If you are looking for the perfect houseplant gift, try a streptocarpus. A mouthful I know but it is a beautiful flowering houseplant — cousin to the African violet but with more drama. I came across several at Merrifield Garden Center this weekend. What a perfect hostess gift for a holiday party. It is unique, festive, and will last longer than a poinsettia.
Native to Africa, streptocarpus is commonly called a Cape primrose. There are more than 135 species, and the size varies. The plants you see in the garden centers will have long, strap-like leaves with tubular flowers high above the plant. Merrifield has the Greenfuse Botanicals (California-based breeding company) line called Lady Slippers. There are some though with only a single leaf that can range from a few inches to a few feet in length.
Grow these plants like you would grow an African violet. They need strong indirect sunlight by the window or fluorescent tubes. They grow best with day temperatures of 65 to 80 degrees and night temperatures between 65 and 68 degrees. They do not like heat so if you put them outdoors in the summer along with your other houseplants, they may perish.
The soil should be evenly moist, but not wet. If you let the soil begin to dry out just a little bit between waterings, that would be ideal. Do not let water get on the leaves. There is specially formulated African violet soil which will work well for streptocarpus plants. They need to be fertilized with diluted balanced fertilizer. A balanced fertilizer has the same proportion of nitrogen, phosphorus, and potassium, the three numbers below the name of the fertilizer. To prevent a build up of fertilizer salts, periodically leach the plant by letting water run through the soil and out the drainage holes.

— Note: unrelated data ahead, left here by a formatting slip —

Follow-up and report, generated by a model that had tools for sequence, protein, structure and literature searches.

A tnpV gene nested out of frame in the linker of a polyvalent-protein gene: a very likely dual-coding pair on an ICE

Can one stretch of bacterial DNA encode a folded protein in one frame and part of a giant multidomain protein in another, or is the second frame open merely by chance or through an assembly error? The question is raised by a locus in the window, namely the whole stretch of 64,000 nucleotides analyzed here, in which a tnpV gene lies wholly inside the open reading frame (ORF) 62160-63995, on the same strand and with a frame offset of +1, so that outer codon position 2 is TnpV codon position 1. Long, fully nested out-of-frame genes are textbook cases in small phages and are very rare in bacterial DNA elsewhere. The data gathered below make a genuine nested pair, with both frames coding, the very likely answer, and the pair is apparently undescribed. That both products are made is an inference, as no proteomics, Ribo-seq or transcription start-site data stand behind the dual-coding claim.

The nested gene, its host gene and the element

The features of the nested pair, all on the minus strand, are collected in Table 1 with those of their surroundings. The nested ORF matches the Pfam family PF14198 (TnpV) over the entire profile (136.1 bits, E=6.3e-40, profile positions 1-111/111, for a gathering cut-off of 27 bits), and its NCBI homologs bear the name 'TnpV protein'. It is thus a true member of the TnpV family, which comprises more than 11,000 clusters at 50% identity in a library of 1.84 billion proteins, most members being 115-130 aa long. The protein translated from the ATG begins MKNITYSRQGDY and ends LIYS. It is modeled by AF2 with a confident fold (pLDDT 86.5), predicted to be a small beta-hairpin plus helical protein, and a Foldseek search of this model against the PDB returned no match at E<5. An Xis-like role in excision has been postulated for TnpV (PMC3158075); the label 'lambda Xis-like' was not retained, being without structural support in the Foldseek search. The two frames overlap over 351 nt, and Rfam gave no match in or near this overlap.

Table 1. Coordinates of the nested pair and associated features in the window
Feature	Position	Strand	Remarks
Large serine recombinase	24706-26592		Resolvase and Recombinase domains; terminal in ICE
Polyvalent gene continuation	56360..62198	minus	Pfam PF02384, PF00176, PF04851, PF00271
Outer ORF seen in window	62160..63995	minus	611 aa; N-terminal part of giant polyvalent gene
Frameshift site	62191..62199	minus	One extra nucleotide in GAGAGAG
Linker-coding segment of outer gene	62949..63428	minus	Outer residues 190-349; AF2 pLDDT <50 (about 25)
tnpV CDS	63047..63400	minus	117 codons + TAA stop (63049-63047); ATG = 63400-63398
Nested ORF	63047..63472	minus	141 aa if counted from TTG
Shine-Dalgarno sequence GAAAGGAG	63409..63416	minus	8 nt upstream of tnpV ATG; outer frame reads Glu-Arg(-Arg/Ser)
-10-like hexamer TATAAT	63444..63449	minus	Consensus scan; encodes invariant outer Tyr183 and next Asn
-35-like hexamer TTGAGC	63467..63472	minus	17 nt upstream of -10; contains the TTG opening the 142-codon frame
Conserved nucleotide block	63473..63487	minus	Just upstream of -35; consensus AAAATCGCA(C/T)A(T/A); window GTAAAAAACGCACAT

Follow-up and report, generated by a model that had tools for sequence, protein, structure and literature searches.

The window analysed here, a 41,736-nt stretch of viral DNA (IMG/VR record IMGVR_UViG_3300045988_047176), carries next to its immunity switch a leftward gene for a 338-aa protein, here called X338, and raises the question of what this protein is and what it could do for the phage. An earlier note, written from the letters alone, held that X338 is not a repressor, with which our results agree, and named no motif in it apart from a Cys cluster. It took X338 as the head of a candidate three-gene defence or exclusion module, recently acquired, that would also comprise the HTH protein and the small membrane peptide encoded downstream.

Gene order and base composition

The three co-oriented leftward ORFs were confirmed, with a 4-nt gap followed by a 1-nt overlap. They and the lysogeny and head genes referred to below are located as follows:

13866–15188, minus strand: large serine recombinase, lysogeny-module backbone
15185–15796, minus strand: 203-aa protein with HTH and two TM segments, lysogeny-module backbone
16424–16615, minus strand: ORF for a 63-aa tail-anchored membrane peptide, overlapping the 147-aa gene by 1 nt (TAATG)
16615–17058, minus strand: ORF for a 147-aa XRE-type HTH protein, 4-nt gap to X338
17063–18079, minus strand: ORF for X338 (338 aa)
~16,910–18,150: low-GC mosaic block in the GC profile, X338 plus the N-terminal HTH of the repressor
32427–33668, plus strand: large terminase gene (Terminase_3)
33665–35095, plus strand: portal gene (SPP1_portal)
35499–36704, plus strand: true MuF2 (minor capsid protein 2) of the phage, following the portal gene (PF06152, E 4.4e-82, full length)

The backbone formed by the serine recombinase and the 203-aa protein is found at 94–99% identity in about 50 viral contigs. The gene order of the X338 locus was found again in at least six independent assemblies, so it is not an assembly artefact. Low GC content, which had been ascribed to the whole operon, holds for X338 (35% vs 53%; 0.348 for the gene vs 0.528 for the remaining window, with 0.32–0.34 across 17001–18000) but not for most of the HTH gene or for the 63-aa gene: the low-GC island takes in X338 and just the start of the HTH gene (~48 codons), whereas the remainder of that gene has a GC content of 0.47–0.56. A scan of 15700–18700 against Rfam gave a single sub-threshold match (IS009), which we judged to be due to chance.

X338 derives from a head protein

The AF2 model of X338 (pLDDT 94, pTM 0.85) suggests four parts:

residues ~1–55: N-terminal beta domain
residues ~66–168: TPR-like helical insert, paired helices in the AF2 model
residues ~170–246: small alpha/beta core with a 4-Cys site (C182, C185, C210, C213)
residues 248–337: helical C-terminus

A streptocarpus is a type of a gesneriad, member of the Gesneriaceae family. In our area, gesneriads are greenhouse or house plants and include the African violet, espiscia, columnea, sinningia, and aeschynanthus to name a few. If you really enjoy growing streptocarpus, try your hand at growing other gesneriads and consider joining the local National Capital Area Chapter of the Gesneriad Society.